The National Science Foundation has awarded $1.7 million to Rice University to acquire an instrument that can see into and analyze materials of any type, from squishy cells to solid rock and everything in between.
The time-of-flight secondary ion mass spectrometer (TOF-SIMS) will be the only one of its kind on the Gulf Coast and will allow scientists and engineers from Rice and other institutions to study the precise chemical compositions and molecular structures of materials in three dimensions.
"That's what drove me to apply for this grant," said Rice chemical engineer Rafael Verduzco, who said the new tool will greatly benefit his own research into sophisticated polymers and their uses. "I wanted to use this technique and I couldn't find anywhere to do it. So I said, Why don't we get one in Houston? We should have one here."
Verduzco, an associate professor of chemical and biomolecular engineering and of materials science and nanoengineering, is the principal investigator on the grant. Co-investigators are Cin-Ty Lee, a professor and chair of the Department of Earth Science; Caroline Masiello, an associate professor of Earth science; and Jun Lou, a professor of materials science and nanoengineering.
The TOF-SIMS, which will reside in the Keith-Wiess Geological Laboratories, uses a pulsed ion beam to remove molecules from the surface of a sample. The molecules are fed through a "flight tube" that determines their mass. The Rice tool will have the capability to separate species that differ in mass by as little as 1/1,000th of an atomic mass unit.
The Rice scientists expect the new tool will provide clues to the history of the Earth, the complex chemistry of the environment and the structure and function of biological systems and will help develop technologies for energy storage. The spectrometer can analyze organic materials and allows researchers to study things like nanoparticle transport and toxicity in biological systems. It will be able to resolve materials less than 50 nanometers wide and profile them to a depth of 10 nanometers.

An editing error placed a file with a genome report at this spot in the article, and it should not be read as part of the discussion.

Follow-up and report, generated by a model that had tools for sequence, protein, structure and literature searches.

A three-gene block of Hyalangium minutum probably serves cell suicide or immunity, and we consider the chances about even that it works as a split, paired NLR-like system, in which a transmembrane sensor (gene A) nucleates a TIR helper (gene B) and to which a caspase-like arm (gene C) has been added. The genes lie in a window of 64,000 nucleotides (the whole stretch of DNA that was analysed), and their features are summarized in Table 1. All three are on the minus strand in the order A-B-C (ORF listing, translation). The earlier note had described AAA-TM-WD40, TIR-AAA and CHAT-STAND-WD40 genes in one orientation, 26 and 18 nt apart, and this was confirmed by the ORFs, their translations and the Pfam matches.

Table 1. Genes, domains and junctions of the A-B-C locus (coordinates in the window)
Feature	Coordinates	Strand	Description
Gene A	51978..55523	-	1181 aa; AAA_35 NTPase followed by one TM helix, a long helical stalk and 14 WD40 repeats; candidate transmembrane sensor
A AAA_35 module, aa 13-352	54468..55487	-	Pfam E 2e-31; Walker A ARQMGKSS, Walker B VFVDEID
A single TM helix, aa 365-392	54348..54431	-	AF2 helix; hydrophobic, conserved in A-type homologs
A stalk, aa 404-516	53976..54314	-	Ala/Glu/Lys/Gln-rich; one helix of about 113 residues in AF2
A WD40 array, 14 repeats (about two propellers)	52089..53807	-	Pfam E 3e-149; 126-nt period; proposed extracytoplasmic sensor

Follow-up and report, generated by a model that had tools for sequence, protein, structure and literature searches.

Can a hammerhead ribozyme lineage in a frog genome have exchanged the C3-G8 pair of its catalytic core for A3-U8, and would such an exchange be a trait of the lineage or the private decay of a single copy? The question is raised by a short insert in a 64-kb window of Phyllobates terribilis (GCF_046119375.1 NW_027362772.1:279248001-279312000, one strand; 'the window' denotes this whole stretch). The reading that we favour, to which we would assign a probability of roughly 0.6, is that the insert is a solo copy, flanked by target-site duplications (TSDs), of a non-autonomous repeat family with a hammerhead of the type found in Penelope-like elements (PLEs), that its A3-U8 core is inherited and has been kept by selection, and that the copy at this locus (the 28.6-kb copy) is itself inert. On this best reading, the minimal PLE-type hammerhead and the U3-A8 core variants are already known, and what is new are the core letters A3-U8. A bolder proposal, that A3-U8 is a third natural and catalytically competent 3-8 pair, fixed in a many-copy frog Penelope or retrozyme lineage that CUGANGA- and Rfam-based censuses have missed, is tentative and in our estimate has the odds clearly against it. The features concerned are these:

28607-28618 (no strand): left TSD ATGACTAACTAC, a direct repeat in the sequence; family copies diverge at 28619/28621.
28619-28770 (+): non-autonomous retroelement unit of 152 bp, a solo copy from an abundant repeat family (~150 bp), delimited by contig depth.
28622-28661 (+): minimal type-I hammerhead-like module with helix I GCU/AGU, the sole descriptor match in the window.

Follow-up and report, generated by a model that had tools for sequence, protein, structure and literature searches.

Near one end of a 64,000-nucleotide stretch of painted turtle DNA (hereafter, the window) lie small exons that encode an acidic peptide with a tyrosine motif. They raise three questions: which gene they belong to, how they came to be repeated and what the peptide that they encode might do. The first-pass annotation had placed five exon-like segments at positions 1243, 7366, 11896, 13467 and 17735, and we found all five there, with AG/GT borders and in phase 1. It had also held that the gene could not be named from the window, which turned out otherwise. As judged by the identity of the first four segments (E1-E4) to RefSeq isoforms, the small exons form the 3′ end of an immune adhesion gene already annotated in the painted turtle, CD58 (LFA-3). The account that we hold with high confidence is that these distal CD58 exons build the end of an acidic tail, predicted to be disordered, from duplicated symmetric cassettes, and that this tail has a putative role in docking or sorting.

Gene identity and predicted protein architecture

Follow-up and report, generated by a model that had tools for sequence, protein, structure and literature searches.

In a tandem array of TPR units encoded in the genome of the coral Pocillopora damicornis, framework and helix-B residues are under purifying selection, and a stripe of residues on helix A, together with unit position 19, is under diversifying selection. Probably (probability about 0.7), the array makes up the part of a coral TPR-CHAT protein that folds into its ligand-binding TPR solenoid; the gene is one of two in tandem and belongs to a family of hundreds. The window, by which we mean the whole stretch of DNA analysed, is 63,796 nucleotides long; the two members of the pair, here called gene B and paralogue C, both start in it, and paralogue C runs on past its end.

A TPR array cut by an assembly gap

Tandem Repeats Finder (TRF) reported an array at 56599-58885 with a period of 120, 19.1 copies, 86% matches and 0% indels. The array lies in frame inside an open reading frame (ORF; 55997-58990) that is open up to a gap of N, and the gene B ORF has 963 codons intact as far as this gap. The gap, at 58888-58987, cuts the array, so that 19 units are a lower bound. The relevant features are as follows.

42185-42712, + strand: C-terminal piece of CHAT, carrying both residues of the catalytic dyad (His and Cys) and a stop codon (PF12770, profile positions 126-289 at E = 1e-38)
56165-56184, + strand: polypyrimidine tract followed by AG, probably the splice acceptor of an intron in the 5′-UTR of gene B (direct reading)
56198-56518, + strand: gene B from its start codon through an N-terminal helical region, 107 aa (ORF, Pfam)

"What's unique about this instrument is that it does three things at once," Verduzco said. "One is mass spectroscopy. It can tell you exactly what elements are in a sample, across the periodic table and even picking up molecular fragments.
"Second, it has high sensitivity, down to parts per billion. If you have a sample with just trace amounts of uranium or some metal, it will be able to pick that out.
"Third, it uses a focused ion beam, so it can look at a 100-nanometer section and tell you what’s in it, rather than having to take a bulk sample and analyze it all at once," he said. "Now you can map out the composition of your material with nanometer-scale resolution, which is really powerful."
Verduzco said he is most looking forward to analyzing the thin films made in his Rice lab for solar and other applications.
"The major advantage of photovoltaics is that you just need a thin film to get them to function, but analyzing the composition of that film isn't easy," he said. "Microscopy only gives you a vertical average of what's there. But TOF-SIMS allows us to do really fine depth profiling and get a 3-D map of the material."
TOF-SIMS works with organic as well as inorganic materials. Because materials are analyzed in a vacuum, live organisms are out, but frozen or freeze-dried cells can be studied, Verduzco said.
He said the instrument should be installed by next summer. It will be managed by Rice's Shared Equipment Authority and open to researchers across and outside the university, he said.
Verduzco said Rice will host an annual TOF-SIMS user meeting to exchange techniques and results and to draw participants, and will establish a hands-on graduate-level course on using the tool to analyze materials.